The measure has been renewed several times since jihadists stormed the Radisson Blu hotel in Bamako in November 2015, killing 20 people in an attack claimed by Al-Qaeda's regional branch.
The decree, which was due to expire today, hands extra powers to security forces and restricts public gatherings.
The country's troubled north has witnessed a spate of jihadist strikes despite the emergency.
Last month, armed men killed five soldiers and injured 10 others in an attack on an army post in the tense Timbuktu region.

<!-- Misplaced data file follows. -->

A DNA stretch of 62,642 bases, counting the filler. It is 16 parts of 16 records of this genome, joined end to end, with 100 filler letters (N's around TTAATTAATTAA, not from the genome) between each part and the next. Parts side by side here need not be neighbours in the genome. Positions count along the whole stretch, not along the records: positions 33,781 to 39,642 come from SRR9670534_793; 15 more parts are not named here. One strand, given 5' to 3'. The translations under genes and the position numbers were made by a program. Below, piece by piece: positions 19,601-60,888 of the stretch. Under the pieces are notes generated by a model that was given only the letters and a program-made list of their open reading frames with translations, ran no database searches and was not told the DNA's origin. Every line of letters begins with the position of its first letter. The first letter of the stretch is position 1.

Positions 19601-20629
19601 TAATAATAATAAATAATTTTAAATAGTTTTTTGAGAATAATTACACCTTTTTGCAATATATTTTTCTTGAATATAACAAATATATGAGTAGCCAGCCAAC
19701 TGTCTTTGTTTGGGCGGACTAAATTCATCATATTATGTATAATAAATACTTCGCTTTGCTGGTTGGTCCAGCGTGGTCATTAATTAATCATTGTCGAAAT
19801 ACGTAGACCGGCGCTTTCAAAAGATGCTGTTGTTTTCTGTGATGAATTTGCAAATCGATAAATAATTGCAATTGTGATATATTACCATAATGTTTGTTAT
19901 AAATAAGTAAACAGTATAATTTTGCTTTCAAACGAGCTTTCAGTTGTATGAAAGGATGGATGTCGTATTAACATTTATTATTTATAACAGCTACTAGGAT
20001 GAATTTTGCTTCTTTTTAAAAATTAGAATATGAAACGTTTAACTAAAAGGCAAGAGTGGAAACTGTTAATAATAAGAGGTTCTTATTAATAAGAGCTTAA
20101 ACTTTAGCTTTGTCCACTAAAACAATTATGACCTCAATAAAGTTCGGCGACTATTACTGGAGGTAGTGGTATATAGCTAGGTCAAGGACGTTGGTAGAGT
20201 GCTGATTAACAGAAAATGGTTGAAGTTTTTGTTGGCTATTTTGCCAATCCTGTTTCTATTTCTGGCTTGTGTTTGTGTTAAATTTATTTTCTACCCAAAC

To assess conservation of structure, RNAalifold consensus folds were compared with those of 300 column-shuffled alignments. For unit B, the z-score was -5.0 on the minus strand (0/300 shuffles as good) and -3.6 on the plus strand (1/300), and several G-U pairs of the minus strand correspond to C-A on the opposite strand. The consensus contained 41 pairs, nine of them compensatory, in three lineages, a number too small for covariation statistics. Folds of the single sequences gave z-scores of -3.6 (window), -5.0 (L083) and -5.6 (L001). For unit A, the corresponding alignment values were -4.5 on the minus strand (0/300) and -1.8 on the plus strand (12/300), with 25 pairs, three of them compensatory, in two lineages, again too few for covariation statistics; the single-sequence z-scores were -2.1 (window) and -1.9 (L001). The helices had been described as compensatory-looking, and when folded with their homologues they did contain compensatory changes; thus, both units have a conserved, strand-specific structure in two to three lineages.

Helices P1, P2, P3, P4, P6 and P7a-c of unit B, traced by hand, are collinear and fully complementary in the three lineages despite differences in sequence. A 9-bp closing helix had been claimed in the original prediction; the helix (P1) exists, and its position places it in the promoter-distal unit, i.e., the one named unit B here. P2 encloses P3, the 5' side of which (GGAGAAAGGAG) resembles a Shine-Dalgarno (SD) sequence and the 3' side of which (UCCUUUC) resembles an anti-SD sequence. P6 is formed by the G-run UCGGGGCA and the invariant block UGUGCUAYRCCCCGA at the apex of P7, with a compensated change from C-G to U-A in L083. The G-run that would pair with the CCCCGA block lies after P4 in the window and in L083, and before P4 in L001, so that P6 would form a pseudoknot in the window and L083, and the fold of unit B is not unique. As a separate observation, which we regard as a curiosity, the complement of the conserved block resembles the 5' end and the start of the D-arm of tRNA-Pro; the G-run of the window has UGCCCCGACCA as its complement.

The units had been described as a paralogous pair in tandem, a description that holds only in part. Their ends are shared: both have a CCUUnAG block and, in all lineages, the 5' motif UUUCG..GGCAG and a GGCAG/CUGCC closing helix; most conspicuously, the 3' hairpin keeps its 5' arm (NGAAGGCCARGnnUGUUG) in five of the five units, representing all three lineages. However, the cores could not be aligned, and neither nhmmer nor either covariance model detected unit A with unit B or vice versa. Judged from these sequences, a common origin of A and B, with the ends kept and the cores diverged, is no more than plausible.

The last time the government extended the measure, it said the "security situation in Mali and in the sub-region is still characterised by the continued threat of terrorism and serious attacks on people and their belongings".
Mali's north fell under the control of jihadist groups linked to Al-Qaeda in 2012 who hijacked an ethnic Tuareg-led rebel uprising, though the Islamists were largely ousted by a French-led military operation in January 2013.
But jihadists continue to roam the country's north and centre, mounting attacks on civilians and the army, as well as on French and UN forces still stationed there.
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